This Oct. 12, 2013 photo shows actor Matthew McConaughey at the Four Seasons Hotel in Beverly Hills, Calif. McConaughey stars as Texan Ron Woodroof in the based-on-a-true story, “Dallas Buyers Club.” The film releases, Friday, Nov. 1, 2013. (Photo by Chris Pizzello/Invision/AP)
by Jessica Herndon
AP Film Writer
LOS ANGELES (AP) — In 1986, Texan Ron Woodroof was diagnosed with HIV and given 30 days to live. When receiving the news, the rodeo-lover argued with the doctor, saying only homosexuals got such a disease-and he was as straight as they came.
Matthew McConaughey, as Woodroof in the based-on-a-true-story “Dallas Buyers Club,” out this Friday, is magnificently cringe-worthy as this very scene plays out in the film.
“We had to go all the way unabashed with that,” said McConaughey in a recent interview to promote the film. “I would go as far as I could with the stuff that Ron thought, which was the stuff that made people go ‘You bigot, racist.'”
But the beauty of Woodroof’s story, and McConaughey’s ability to portray him, is in its arc: Following his diagnosis, Woodroof illegally imported drugs from other countries to counteract the effects of HIV and AIDS because of the lack of treatments in the U.S. approved by the Food and Drug Administration. He also became friends and business partners with a transgender named Rayon, played by Jared Leto.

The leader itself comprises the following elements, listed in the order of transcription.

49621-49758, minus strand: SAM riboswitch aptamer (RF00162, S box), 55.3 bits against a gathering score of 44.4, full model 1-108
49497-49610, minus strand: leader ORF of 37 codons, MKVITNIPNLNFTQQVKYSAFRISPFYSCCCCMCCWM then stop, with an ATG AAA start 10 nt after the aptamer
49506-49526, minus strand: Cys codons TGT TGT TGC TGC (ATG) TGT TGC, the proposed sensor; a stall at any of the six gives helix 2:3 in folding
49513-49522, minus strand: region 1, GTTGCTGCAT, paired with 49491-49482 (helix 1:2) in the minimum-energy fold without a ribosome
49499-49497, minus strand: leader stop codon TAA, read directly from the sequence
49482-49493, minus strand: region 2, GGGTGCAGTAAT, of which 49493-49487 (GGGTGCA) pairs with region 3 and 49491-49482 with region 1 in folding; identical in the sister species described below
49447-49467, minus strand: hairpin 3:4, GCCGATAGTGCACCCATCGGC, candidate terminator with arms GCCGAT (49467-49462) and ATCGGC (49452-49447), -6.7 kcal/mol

To immerse himself in this role, McConaughey read Woodroof’s diary and listened to hours of taped conversations between Woodroof and “Dallas Buyers Club” screenwriter Craig Borten.
“I saw a guy who was a dreamer and who was lonely, isolated, and who could never finish anything,” said McConaughey. “He was aimless and the irony is it took him having HIV to help him find a goal.”
To look the part of the gaunt Woodroof, McConaughey lost over 45 pounds. The first time the actor saw himself on-screen, he thought, ‘”Whoa, you look like a reptile, man.’ I didn’t feel like I was watching me.”
But sacrificing his good looks for the role “was not a huge concern,” said the 43-year-old. “There is something valuable to not being able to use certain things that may be a strength. You use other instruments.”
While losing the weight, the actor said his family’s reaction was subtle. “They saw me every day. But there was one day when Vidy goes ‘Why is your neck like a giraffe?'” he added with a chuckle, remembering his 3-year-old daughter’s reaction to his shrinking physique.
Wife Camilla Alves “helped me stay controlled,” added McConaughey of his minimalist diet, which included meals like a 5 oz. piece of fish and a cup of vegetables. “But I found some sort of sick pleasure in doing all the cooking. I also needed less sleep and my memory was incredibly sharp.”
But McConaughey was soon back to his 182-pound frame to play a finance fast-talker in Martin Scorsese’s upcoming “The Wolf of Wall Street” and a detective in the HBO series “True Detective,” premiering in January.
Grittier roles, including 2011’s “Killer Joe,” and 2012’s “The Paperboy” and “Mud,” demonstrate McConaughey’s versatility, and there’s talk “Dallas Buyers Club” could score him an Oscar nomination.
“I’m very excited about that possibility,” he said. “I feel that it is more than fair to judge art. If that happened that’s wonderful.”
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